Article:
Introduction to Reinforcement Learning. Part 2: Q-Learning

In part 1, we described the multi-armed bandit problem and introduced several concepts such as the state, action, reward, and so on. However, the multi-armed bandit problem does not represent the entire reinforcement learning (RL) problem. In the bandit problems, each state is always the same, as we saw in part 1, where we had the same 5 arms all the time and the probabilities didn’t change over time.

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Figure 1: The complete RL cycle.

Value Function

In order to quantify the reward the agent will get in the long term for each state, we introduce a Value Funtion V(s). This function outputs an estimate of the reward the agent will receive until the end of the episode, starting from state s. If we can correctly estimate this value, we could choose to take the action that will lead the agent to the state with the highest value.

Q-Learning — Solving the RL Problem

To solve the the RL problem, the agent needs to learn to take the best action in each of the possible states it encounters. For that, the Q-learning algorithm learns how much long-term reward it will get for each state-action pair (s, a). We call this an action-value function, and this algorithm represents it as the function Q(s, a), which outputs the return the agent will receive when taking action a from state s, and following the policy indicated by the function Q until the end of the episode. For instance, if in state s there we have actions a1 and a2 available, the function Q will provide two Q-values, one for each action. If Q(s, a1) = 1 and Q(s, a2) = 4, the agent knows that action a2 is better and it will collect a higher reward, so it should be the action taken by the agent.

Example: Grid-World

In this example, we have designed a simple environment in which the agent will start in the initial state s_i, and it must choose to move left or right at each step. If it reaches the leftmost state, the episode ends and the agent receives a reward of -5. On the other hand, if it reaches the rightmost state, the episode ends and the agent receives a reward of +5. The agent must learn to avoid the state with the reward of -5 and to move towards the state with the reward of +5. If the policy it learns is the policy with the highest possible return, we will say it has found the optimal policy.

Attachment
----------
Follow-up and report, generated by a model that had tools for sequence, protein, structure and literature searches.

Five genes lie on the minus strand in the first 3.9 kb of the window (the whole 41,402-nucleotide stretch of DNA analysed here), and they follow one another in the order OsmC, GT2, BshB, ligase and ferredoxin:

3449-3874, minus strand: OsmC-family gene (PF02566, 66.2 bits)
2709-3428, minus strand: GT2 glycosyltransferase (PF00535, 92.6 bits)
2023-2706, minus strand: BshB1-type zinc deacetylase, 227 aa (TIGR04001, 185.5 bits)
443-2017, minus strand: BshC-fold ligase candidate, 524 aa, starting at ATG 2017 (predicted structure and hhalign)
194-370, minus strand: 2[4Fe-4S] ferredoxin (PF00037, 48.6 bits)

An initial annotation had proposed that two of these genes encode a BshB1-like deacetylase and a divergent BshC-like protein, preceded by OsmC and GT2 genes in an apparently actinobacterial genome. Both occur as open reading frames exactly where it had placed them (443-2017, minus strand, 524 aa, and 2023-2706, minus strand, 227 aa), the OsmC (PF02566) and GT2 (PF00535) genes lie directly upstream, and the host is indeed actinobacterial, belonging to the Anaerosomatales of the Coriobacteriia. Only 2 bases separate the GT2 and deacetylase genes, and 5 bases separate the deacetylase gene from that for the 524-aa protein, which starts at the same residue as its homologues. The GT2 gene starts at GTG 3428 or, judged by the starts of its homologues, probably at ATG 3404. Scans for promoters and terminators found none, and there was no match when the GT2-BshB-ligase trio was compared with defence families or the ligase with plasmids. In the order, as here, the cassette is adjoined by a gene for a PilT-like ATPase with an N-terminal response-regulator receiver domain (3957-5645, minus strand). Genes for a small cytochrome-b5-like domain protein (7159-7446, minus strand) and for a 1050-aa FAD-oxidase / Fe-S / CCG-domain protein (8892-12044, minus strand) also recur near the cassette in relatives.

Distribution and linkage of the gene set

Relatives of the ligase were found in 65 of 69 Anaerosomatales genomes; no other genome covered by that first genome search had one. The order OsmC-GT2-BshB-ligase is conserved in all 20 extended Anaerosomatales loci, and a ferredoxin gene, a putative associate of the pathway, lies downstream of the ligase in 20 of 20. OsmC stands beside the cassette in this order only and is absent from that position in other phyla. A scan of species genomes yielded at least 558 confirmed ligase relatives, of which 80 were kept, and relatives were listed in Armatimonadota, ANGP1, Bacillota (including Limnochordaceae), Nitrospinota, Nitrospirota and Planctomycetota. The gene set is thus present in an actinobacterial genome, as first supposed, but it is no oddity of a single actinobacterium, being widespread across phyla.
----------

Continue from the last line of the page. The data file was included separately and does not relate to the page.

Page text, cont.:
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Bellman’s Equation

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Equation 1. Bellman’s equation.

The code, solving the example

You can run the code yourself in this link, or you can keep reading to see the code without running it.

Algorithm 1. Defining the Grid-World.
Algorithm 2. Function for the ε-greedy policy.
Algorithm 3. Function to simulate taking an action in the environemnt.
Algorithm 4. Main loop.
Q-values are: [[0.0, 0.0], [-5, 3.28], [2.95, 3.64], [3.28, 4.05], [3.64, 4.5], [4.05, 5], [0.0, 0.0]] 
Best action for state 0 is left
Best action for state 1 is right
Best action for state 2 is right
Best action for state 3 is right
Best action for state 4 is right
Best action for state 5 is right
Best action for state 6 is left

PhD Candidate 2021, NC State University

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